West and Coodie ultimately reconciled in 2017, prompting the director to resume the documentary process, accompanying Ye on a series of excursions to China (to record an album with Kid Cudi), the Dominican Republic, and his sprawling creative compound in Cody, Wyoming (Justin Bieber was there). But during an absurdly short Zoom interview this week, I asked the Jeen-Yuhs co-directors what compelled West to suddenly demand final cut — and whether he had any right to even ask for it. “Well, you know this movie wouldn’t be so anticipated if Kanye wasn’t Kanye,” Coodie says with a chuckle. “When I seen that he wanted final cut, it was a bit disappointing because we [were] in the bottom of the ninth with this film coming out in theaters on the 10th. But like I told him, this is not the definitive Kanye West documentary.”

“This is a doc about a journey that me and him took and we’re using this journey to show that everybody has an inner genius,” he continues. “We had a rough cut of the movie when I went to [visit him in the Dominican Republic] and I only showed him the sizzle [reel], but he wanted to put that out then. And I told him that he could not be involved creatively. Because that takes away the authenticity. And I told him the story that we’re telling is this story. It’s not about making you look a certain way. This story is about showing these dreamers that they can have a dream and make it.”

“So for him to say that … that’s just Kanye.”

That Jeen-Yuhs is not the “definitive” West doc becomes particularly clear in the series’s third installment. During a sequence shot at a lush seaside mansion in the Dominican Republic, the rapper-producer — who has described bipolar disorder as his “superpower” and was put on a 5150 involuntary psychiatric hold for mental-health issues in 2016 — is filmed becoming increasingly agitated during a conversation with billionaire investor Michael Novogratz and newspaper columnist Dan Barry. “Have you guys ever been locked up in handcuffs and put into a hospital because your brain was too big for your skull? Okay, I have,” West says in the doc. “There’s an execution style that was performed on me over the past six to seven years, post–Taylor Swift. Where they tie one arm — both arms, both legs to four horses all in different directions. Boom! Bah!” In what might have otherwise been one of the series’s more sensational and revealing moments, however, Coodie stops filming and puts the camera down.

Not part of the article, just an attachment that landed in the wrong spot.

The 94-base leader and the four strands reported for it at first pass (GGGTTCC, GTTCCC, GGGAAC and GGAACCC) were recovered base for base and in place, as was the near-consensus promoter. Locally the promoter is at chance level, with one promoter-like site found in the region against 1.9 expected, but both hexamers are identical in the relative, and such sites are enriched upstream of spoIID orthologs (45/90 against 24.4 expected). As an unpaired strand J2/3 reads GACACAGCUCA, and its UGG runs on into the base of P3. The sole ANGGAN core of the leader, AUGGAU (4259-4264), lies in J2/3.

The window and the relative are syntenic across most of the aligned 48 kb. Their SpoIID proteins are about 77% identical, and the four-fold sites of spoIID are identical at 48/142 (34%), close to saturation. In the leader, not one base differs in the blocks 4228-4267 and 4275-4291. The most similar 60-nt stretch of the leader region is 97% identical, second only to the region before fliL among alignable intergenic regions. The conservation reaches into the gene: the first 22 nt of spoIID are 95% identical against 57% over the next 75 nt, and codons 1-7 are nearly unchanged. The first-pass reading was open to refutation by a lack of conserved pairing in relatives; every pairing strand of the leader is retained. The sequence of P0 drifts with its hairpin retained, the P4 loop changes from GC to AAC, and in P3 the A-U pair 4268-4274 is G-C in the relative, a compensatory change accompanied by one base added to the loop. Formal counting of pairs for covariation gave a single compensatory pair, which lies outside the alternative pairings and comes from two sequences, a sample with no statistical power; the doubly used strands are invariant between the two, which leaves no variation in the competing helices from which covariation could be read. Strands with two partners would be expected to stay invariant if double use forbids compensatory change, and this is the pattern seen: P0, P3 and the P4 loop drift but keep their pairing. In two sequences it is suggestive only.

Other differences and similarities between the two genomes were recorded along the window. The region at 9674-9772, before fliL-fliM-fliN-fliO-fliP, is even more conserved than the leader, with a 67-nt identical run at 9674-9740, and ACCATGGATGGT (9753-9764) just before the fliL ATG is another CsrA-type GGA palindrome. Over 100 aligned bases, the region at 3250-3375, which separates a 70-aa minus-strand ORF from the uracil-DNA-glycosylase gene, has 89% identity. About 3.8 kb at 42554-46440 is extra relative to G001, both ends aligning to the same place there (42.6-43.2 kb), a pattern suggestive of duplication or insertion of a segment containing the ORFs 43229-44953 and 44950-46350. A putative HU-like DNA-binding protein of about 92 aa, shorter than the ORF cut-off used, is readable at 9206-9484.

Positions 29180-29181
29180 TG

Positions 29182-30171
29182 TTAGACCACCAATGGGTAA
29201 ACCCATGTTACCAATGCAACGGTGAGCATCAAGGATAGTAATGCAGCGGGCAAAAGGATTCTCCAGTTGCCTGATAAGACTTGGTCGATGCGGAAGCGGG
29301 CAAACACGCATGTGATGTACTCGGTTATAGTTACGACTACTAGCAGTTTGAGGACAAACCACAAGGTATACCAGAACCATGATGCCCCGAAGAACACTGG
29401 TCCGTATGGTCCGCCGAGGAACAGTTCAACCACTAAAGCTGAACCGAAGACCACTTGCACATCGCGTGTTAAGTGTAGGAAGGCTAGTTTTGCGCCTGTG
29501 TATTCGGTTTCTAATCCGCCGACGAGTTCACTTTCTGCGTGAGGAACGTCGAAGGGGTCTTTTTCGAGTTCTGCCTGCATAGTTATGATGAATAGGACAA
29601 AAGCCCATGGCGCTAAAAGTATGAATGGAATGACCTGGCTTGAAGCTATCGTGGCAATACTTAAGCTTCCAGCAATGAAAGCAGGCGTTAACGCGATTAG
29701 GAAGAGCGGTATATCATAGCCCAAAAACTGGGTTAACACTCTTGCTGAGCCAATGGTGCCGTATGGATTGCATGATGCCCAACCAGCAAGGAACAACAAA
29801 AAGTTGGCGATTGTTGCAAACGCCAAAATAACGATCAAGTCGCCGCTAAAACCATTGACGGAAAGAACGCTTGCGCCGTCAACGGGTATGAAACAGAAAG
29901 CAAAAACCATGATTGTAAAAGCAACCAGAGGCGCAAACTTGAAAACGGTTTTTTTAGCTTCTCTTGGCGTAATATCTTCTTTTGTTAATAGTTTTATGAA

The director says he was familiar with what had become known as West’s “rants”: off-kilter diatribes such as the performer’s 15-minute filibuster from the stage in Sacramento during his Saint Pablo Tour, during which he went in on Barack Obama and terrestrial radio (“Hey radio, fuck you!”), accused Jay-Z of dodging his calls, and pleaded with DJ Khaled not to send “hitters from Miami” after him. But Coodie says he was unprepared to witness what seemed like West’s mental unraveling firsthand. And as he explains it, ceasing recording wasn’t so much a dereliction of his duties as a documentarian as it was his in-the-moment choice to protect a buddy.

“It was crazy. Not crazy — it was just like, tripped out to me to be filming it,” the director says. “Not for nothing, Kanye’s like my brother. No matter what we went through in life, and the separation and all, he’s still a brother to me. And I love him like a brother. So I wanted to pay close attention and make sure everything was okay. So that’s why I put the camera down. That was just me knowing I needed to pay attention and see what’s going on so I can intervene if I need to.”

So you chose friendship over filmmaking, I offer.

“Brotherhood over filmmaking,” Coodie says.

Why Jeen-Yuhs’ Directors Stop Filming During a Kanye ‘Rant’